Shift-JIS format text file, a text type popular with MS-DOS personal
computers in Japan. If KANJIVIEW guesses a wrong type when a filetype
is not supplied by the user, the text will typically be garbled,
containing many 8-bit ASCII characters. This is most likely to occur
in files containing only a small number of Kanji and Kana. If this
happens, simply try specifying a filetype explicitly.

The KANJIVIEW screen will appear. It will take a moment for the
font file to be loaded into memory. Then the text file is displayed.
The user may go up and down the document using the cursor keys. To exit
the program, the user simply touches either the Esc key or the "Q"
key. Control-C also takes the user back to DOS, but leaves the user in
the graphics mode, not the text mode.

The text file is displayed on pages 13 lines long consisting of 30
characters. Text that extends beyond 30 characters for a given line is
wrapped to the next line. A maximum of 12 pages may be shown in this
initial release of KANJIVIEW.


I suggest that all Compuserve users with KANJIVIEW include the
phrase "Japanese Language" in their user profile for each Forum that
they participate in. That will make it easy for those who are literate
in Japanese to locate appropriate users to write to in each area of
interest. Ask that anyone sending you mail use a binary transfer
protocol such as XMODEM, KERMIT, etc. Simple ASCII transfers will have
the 8th bit stripped off of them, making any Japanese in them
unreadable with KANJIVIEW. Of course, to receive binary electronic
mail on your own computer, you must be using software with a binary
transfer protocol.

Correspondence from Japanese with personnel computers is typically
in the Shift-JIS format. However many Japanese use word processors
with special hardware that allows communication with the electronic
information services. Correspondence from this second group will often
be in the JIS-C6226 format. For most mail, KANJIVIEW will be able to
determine the correct format itself without the user having to guess.
There are additional JIS text formats, but Shift-JIS and JIS-C6226 are
most commonly used.

The author may be contacted on Compuserve as user #73300,517 and
on GEnie as user S.JOHNSTON2.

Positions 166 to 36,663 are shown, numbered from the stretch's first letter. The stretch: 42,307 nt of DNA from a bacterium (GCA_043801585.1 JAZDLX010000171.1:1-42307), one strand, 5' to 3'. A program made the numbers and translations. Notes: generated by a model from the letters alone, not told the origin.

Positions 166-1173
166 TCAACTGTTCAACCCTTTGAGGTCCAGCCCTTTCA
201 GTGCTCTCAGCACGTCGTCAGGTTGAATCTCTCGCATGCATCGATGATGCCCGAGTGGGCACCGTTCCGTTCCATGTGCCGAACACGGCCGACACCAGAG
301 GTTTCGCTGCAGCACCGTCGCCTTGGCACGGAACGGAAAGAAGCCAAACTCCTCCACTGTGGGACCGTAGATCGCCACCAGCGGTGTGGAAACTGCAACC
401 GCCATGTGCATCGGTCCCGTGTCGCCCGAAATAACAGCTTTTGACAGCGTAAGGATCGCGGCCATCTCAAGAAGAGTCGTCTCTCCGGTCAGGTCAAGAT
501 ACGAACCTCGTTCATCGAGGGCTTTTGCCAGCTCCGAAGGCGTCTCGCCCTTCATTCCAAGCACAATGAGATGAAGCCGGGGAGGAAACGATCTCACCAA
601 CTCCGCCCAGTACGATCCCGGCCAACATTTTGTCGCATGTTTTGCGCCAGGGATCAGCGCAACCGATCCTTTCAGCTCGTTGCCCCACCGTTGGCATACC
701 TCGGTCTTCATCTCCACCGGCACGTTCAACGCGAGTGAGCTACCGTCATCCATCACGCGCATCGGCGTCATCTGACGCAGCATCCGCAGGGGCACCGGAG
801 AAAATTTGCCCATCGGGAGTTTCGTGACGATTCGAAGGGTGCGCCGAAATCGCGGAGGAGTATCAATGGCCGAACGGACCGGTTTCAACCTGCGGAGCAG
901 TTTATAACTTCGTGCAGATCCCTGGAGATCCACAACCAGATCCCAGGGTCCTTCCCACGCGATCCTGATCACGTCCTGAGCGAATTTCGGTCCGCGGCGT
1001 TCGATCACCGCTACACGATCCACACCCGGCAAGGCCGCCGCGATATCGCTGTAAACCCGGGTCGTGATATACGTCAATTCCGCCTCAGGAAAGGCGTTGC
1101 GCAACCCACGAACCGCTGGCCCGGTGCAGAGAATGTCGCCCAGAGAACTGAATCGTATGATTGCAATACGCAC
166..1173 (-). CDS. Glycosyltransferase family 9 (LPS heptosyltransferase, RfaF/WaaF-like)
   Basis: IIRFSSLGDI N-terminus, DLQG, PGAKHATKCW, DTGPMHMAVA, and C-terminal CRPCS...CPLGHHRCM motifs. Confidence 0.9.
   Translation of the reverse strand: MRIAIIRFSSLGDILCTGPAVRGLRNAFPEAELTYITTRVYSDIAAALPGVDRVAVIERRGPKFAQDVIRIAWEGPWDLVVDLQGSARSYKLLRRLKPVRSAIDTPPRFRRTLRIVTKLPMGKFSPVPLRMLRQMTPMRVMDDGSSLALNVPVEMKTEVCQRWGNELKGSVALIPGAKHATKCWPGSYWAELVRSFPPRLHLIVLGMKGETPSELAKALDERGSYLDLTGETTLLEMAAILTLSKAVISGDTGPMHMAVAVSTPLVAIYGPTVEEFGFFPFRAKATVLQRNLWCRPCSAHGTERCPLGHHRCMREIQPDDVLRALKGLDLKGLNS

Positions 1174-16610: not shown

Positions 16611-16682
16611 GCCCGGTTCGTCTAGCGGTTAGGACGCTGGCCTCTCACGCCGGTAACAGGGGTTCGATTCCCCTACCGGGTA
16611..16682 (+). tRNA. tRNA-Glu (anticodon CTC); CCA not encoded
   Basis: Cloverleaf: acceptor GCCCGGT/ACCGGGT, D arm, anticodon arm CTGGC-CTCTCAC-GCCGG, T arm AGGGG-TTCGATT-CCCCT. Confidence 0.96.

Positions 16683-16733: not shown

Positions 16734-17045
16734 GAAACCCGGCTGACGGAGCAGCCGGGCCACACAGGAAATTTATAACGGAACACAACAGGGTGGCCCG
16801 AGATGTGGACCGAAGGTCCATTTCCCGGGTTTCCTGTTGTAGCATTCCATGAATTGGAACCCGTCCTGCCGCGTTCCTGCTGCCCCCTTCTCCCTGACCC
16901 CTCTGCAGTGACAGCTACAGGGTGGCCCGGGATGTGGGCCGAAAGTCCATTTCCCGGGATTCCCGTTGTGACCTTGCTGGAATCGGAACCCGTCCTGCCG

Registration licenses individuals to use KANJIVIEW on a regular
basis. This includes mailed notification of KANJIVIEW updates or other
new Japanese language software.

For schools, businesses, and government agencies each registration
is limited to use on a single computer. Site licences are available.

Send this registration form to:

Steven W. Johnston
10344 Kenlee Drive
Baton Rouge, Louisiana 70815 USA

Please indicate the registration type:

__________ Individual registration.......... @ $5.00 each $ _________

__________ Business or School registration.. @ $5.00 each $ _________

__________ Government Agency registration.. @ $10.00 each $ _________

For registrations orders placed from outside of the United States,
payment should be by either international bank draft or by
international postage coupons.

Please indicate which version number you have a copy of: __________

Please list your electronic mail address:

Compuserve User No.: ___________, GEnie User Name: ___________

Please list your postal mailing address:

Name: ___________________________________________________________

Address: ________________________________________________________

City: ________ State: _______ POSTAL CODE:_______ Country:______

Site licensing discounts are available for use of KANJIVIEW on an
unlimited number of machines within an organization. Write to the
above address for information.



IBM-PC is a trademark of International Business Machines Corporation.

Hercules is a trademark of Hercules Computer Technology.

EW+ is a trademark of Information Technology Laboratory, Inc.

MS-DOS is a trademark of Microsoft Corporation.



Pasokon Tsuushin Nyuumon, by Hideyo Waki, published by Koodansha,
ISBN4-06-132626-0 C0255, 580 yen, is a simple introduction to the world
of personal computer communications in Japan. This book contains a
description of the common JIS text file types.

Pasokon Waapuro Kanji Jiten, by Tsutomu Uegaki, published by
Natsumesha, ISBN4-8163-0696-X C2054, 1800 yen, is the best dictionary
that I've seen yet in Japan for use with personal computers, essential
for word processing applications.

Kokusai Pasokon Tsuushin, a special collection of articles
published by ASCII, ISBN4-87148-110-7 C3055, 1200 yen, shows how
Japanese are able to access the international networks as well as how
you can access networks in Japan via Telenet.

If these books are not available at your local Japanese language
bookstore, I recommend that those in the USA order from Kinokuniya in
San Francisco. Typically when ordering Japanese language books from
within the USA, prices become about double the list price.